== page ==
Though still relatively new, population hybrid breeding has produced eight candidates for release as new sweetpotato varieties in Uganda, 30 in Peru and potential varieties for Mozambique. CIP has also sent the seeds from hybrid sweetpotato crosses in Peru to Asia for planting and evaluation.

Average yield of future variety D20(L) compared to Uganda’s most popular orange-fleshed variety NASPOT 8 (R) from field trials in Twebitaba, Uganda. (plot size: 3md, 10 plants per plot) (Credit: Girisom Bwire)

“The yield increases gained through six years of hybrid breeding would have taken 30—50 years to achieve using the traditional breeding approach,” says Grüneberg.

According to CIP breeder Reuben Ssali, one promising product of hybrid crosses in Uganda that breeders call D20 is undergoing on-farm evaluations and should be released as a new sweetpotato variety soon. That future variety produced an average of 18 tons of sweetpotatoes per hectare in trials in five of Uganda’s agroecological zones – compared to the African average sweetpotato yield of 7.0 tons per ha reported by FAO reported for 2021 – and its attributes include a taste and consistency local men and women want, and high resistance to sweetpotato viruses.

“Given the results of population hybrid breeding so far, breeders could easily develop varieties with almost double the yield of the sweetpotatoes currently being grown in Africa,” Ssali said.

Global benefit

Grüneberg explained that another advantage of population hybrid breeding is that it can be used for large-scale crossing of parents from groups that produce high-performing offspring so that significant amounts of seed are produced that could be sent to agricultural institutes in other countries for evaluation and selection of varieties.

Sweetpotato is a vital crop for food security and nutrition in East Africa.

The common approach to disseminating the products of regional sweetpotato improvement programs has been a laborious process that limited a program’s ability to share potential varieties with national agricultural programs. It consists of selecting variety candidates with optimal combinations of traits, growing them as tissue culture plants, checking them for virus infection, cleaning them of any viruses discovered and, finally, shipping tiny plants in test tubes to national partners for multiplication and evaluation. This process is slower and more expensive than shipping seeds and allows partners to evaluate only a small sample of potential varieties for local needs and conditions.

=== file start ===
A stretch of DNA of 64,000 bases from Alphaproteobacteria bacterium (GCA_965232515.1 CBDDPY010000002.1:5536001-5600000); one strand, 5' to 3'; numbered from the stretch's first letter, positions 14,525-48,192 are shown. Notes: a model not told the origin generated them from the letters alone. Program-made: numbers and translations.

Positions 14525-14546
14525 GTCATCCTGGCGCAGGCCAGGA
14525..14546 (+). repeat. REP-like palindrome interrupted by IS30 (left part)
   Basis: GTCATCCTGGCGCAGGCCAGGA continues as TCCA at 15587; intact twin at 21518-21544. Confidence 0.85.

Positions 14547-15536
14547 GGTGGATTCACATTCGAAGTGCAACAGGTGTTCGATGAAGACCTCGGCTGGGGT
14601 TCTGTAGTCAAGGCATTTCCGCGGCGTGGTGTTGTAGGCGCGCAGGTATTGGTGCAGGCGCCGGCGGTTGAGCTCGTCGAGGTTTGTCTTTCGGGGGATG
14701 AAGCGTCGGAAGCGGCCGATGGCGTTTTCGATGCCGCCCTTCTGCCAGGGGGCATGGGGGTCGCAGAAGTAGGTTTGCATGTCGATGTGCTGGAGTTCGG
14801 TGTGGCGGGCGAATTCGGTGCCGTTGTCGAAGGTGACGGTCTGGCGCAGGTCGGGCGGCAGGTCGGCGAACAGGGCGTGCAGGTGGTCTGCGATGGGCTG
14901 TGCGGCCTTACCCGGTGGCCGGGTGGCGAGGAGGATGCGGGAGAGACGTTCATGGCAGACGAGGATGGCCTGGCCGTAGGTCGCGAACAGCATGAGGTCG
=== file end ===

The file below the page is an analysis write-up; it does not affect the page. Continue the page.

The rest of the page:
By sending botanical seed from elite crossing rather than in-vitro plantlets, breeders can forgo the time-consuming process of virus elimination, because viruses don’t infect botanical seed the way they do tissue culture plants. It also allows breeders to share larger selections of potential varieties with partners for evaluation on the ground – in varied environments and changing climates – than they could with in-vitro plantlets.

Grüneberg noted that yet another benefit of the progress made on population hybrid breeding of sweetpotato is that the lessons learned could be applied to other root or tuber crops.

“We hope that this population hybrid breeding approach will serve as a model for similar studies in other root and tuber crops, that it attracts more breeders, and contributes to affordable food security in this decade,” said Grüneberg.

He noted that applying the approach to a new crop needs to be done carefully, within a pilot phase or program first, but that progress with sweetpotato has been positive enough that he encourages wider use of hybrid breeding in that crop.

“Our population hybrid breeding approach guarantees greater breeding progress in sweetpotato and we hope to extend it to other countries,” Grüneberg said.

This research was supported by the Bill & Melinda Gates Foundation and USAID.

Blog by David Dudenhoefer, Joel Ranck (contributor).